More favourable economic conditions for sugar cane production and processing need to be fostered in South Africa to protect and grow a sector that contributes an average R12-billion to the economy and provides about 350 000 jobs in the country, say industry associations the South African Cane Growers’ Association (Canegrowers) and the South African Sugar Millers’ Association (Sasma).
Sasma CEO Deane Rossler highlights that the local industry currently faces several challenges, partly owing to the drought, but also driven by policy issues that are hampering its sustainability and global competitiveness.
While the South African sugar industry is the largest such industry in Africa, producing two-million tons of sugar a year in a normal season of rainfall, it is comparatively small when considering countries like Brazil, which produces about 35-million tons a year.
“However, according to independent international cost-competitiveness surveys, South Africa is a globally competitive producer of high-quality sugar, ranking in the top 15 of 120 most cost-competitive sugar-producing countries. This is an indicator that sugar cane farmers and millers in the country are efficient producers, although this competitiveness is at risk, owing to reduced cane supply.”
He further points out that industry has the capacity to increase average production to three-million tons of sugar each year; however, capacity is severely underused, owing to the adverse economics prevailing in the industry.
Rossler notes that the sugar industry is emerging from the worst, most protracted drought since the early 1990s, which has impacted on the last two seasons and will continue to hamper production in the 2017/18 season.
“The drought has put the industry under severe strain, with growers’ production in many areas being halved and two mills being forced to close, owing to a lack of water and cane supply,” adds Canegrowers economic research manager Richard Nicholson.
He highlights that the estimated effect of the drought has been a loss of R2-billion in gross revenue, with a knock-on effect of R6-billion lost to the economy – a devastating state of affairs for all growers, but especially small-scale growers who have struggled to absorb these shocks and have been forced to put some areas under sugar cane out of production.
Nicholson points out that all growers have been encouraged to implement best management practices, in line with the industry’s Sustainable Farming Practices, to conserve soils, which will enable them to handle drought conditions better in the long term. Growers in irrigated areas like Pongola, Komati and Malelane are also being advised on the implementation of irrigation best practices to conserve water.
“These management factors will all have positive results for the growers in the future and, at the end of the day, their bottom lines.”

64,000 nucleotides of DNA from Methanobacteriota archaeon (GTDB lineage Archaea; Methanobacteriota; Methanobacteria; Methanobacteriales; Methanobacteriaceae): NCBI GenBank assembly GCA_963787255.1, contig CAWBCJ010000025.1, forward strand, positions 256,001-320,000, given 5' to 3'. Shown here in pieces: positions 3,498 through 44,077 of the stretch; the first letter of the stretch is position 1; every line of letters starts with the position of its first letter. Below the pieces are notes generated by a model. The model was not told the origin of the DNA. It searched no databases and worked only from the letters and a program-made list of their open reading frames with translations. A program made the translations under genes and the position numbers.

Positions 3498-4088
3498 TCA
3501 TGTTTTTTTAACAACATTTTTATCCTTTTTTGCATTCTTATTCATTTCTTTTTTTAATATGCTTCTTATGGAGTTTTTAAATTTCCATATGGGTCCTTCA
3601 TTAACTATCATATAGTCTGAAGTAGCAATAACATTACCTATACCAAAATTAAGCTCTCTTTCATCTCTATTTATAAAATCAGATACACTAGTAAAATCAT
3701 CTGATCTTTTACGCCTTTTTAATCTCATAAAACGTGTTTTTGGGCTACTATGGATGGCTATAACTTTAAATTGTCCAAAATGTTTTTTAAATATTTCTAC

However, as well as environmental difficulties, Rossler notes that the sugar industry faces existing and potentially new financial pressures, which will continue to constrain production as a result of their negative impact on the economics of growing cane and sugar milling.
He points out that a tariff formula, based on a dollar-based reference price, is meant to protect the domestic market price of sugar in South Africa, but that it has become ineffective in allowing the industry to recover its costs of production. In addition, the recent strengthening of the rand has resulted in a rapid acceleration of sugar imports into South Africa from Brazil and other countries, with the proposed implementation of a sugar sweetened beverage tax potentially exacerbating a decrease in the volume of sugar sold locally.
“This would result in additional sugar exports from South Africa that would have to be traded at international prices that are well below the costs of production. “Most sugar industries globally have access to regulated bioethanol and electricity markets – an opportunity that has not been afforded to the South African sugar industry, although engagements on these matters with government have been ongoing for several years.”
Rossler adds that industry has the potential to not only increase production levels with the proper governmental support but also to generate 800 MW of green electricity. This, however, would require an appropriate policy framework that will facilitate the industry’s participation in the energy market.
“The South African sugar industry is incredibly important for the rural areas of KwaZulu-Natal and Mpumalanga, and the country. The estimated value chain effect of the industry in these rural areas is R400-million each year, with significant multiplier effects into surrounding areas. It is an industry with so much potential, but significant support is needed from government to cultivate an economic environment that will enable its growth,” concludes Nicholson.